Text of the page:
The Rapid City Rush have been a member of the ECHL since 2014, and since they were first instated, hundreds of players have represented have the club. Whether they play one game or stay in town for multiple seasons, each individual leaves an impact on the franchise. But some players stand out above the others, bringing talent, clutch play and leadership in every game that they play in. Here are the three players that I believe have left the greatest impact and legacy for the Rush so far:
Coming off a CHL championship in 2014 with the Allen Americans, Tetrault joined the Rapid City Rush for what would be their first ECHL campaign. He served as team captain and posted 25 points in 55 games to help the Rush earn a playoff berth. Despite playing only one season in Rapid City, Tetrault left an impact on the club, both on the ice as well as in the locker room.
Despite that, Tetrault has left an even larger impact on Rapid City since his retirement as a defensemen. He joined the hockey club’s coaching staff, named as an assistant in 2016-17. The following year, he was promoted to head coach and maintains that position heading into next season. Under Tetrault, the club has improved more and more every season.
Tetrualt’s time as captain and coach has cemented the bench boss onto this list. He continues to lead the Rush into puck drop, preparing for other teams, COVID-19 and whatever else may lie ahead.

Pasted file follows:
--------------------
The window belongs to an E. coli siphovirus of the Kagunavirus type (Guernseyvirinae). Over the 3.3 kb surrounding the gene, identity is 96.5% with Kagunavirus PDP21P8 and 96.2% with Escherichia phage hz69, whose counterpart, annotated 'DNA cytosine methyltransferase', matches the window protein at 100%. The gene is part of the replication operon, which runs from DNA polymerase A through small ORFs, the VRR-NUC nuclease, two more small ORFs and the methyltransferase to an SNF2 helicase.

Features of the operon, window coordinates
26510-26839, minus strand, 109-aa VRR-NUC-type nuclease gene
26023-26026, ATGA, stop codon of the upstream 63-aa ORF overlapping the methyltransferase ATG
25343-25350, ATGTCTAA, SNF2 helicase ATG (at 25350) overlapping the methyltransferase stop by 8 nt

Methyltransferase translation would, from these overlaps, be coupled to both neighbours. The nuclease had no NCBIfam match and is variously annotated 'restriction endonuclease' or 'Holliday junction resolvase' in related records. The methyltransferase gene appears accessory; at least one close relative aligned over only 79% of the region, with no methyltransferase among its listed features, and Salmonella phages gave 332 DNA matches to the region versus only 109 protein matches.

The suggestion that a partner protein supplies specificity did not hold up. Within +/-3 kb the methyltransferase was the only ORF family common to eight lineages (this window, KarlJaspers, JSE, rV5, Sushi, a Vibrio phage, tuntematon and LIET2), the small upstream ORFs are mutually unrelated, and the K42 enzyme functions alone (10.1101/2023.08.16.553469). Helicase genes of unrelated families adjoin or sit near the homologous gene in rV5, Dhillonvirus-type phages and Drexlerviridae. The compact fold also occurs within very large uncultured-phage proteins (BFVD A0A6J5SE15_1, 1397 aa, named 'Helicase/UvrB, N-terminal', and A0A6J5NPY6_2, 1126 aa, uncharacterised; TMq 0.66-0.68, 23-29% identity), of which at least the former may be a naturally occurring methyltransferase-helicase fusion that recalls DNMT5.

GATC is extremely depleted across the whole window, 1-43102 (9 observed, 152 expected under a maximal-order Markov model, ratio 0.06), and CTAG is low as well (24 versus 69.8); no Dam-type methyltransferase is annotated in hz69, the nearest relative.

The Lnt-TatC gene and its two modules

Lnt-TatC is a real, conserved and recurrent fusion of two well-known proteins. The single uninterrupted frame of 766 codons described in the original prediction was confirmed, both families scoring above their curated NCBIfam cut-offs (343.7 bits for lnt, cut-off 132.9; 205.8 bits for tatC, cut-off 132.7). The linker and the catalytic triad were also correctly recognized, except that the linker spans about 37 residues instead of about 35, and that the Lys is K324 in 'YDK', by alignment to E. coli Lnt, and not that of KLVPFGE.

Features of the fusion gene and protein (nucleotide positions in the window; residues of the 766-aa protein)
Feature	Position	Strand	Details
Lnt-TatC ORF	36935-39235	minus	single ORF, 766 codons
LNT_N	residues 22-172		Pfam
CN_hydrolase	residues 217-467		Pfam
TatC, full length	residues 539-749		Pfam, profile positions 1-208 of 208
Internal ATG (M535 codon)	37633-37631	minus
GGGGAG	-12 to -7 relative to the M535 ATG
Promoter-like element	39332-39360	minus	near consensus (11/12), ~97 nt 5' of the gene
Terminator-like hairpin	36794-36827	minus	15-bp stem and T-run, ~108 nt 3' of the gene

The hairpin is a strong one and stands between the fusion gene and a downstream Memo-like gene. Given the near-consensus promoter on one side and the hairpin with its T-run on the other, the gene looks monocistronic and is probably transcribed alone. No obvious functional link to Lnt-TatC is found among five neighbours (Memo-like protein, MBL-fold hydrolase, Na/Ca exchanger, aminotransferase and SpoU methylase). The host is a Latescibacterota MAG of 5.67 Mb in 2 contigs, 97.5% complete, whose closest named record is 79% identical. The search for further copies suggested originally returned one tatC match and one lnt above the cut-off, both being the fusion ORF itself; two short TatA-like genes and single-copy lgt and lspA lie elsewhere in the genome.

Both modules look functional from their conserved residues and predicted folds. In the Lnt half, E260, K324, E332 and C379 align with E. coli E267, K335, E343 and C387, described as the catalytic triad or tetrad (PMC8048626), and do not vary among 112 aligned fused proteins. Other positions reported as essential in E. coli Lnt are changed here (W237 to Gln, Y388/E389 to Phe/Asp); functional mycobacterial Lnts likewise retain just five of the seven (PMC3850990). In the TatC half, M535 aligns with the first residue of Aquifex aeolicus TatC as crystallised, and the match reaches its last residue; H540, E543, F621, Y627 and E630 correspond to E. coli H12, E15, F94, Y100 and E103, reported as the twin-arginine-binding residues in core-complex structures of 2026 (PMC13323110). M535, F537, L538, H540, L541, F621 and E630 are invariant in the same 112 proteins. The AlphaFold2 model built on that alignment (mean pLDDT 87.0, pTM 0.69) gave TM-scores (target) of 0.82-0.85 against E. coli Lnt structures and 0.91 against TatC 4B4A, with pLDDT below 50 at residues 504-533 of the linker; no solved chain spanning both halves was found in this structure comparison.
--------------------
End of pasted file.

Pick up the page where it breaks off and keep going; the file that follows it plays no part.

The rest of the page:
Danny “The Batman” Battochio was also a member of the the 2014-15 Rush team that made an appearance in the Kelly Cup playoffs. He was Rapid City’s starting goaltender and posted a .912 save percentage in 52 games. The following season, he had a repeat performance, once again posting a .912 percentage across 46 games. He was a consistently successful player while a part of the Rush, both during their CHL years and when they were establishing themselves as an ECHL member.
For his efforts, Battochio earned the team’s first Blaine Jarvis Heart and Soul Award, having been recognized in 2016. This award was created after the tragic death of former Rush forward (and former teammate of Battochio’s) Blaine Jarvis and has been given out yearly to the Rapid City player who best exemplifies “professionalism, perseverance, determination, commitment to the game, work ethic and excellence in both the locker room and community.”
Battochio was also the second player on the team to have his number retired by the organization. His #30 hangs in the rafters of the Rushmore Plaza Civic Center as a permanent reminder of his spectacular play and leadership for the team.
Peter Quenneville has only played one season for the Rush, but he has not needed much time to prove his worth to the club. During the 2019-20 campaign, Quenneville served as team captain and scored 58 points in only 51 games. His play helped the Rush make a playoff push following several years of futility. He is returning to the roster for next season as he and the team will both try to pick up where they left off when the league halted play.
Quenneville’s skill and quick decision making on the ice can lead to highlight-reel goals, but he is also a consistent player who can be trusted by his teammates and coaching staff. These qualities, as well as his leadership, make the Rush a better team and makes him one of their three stars.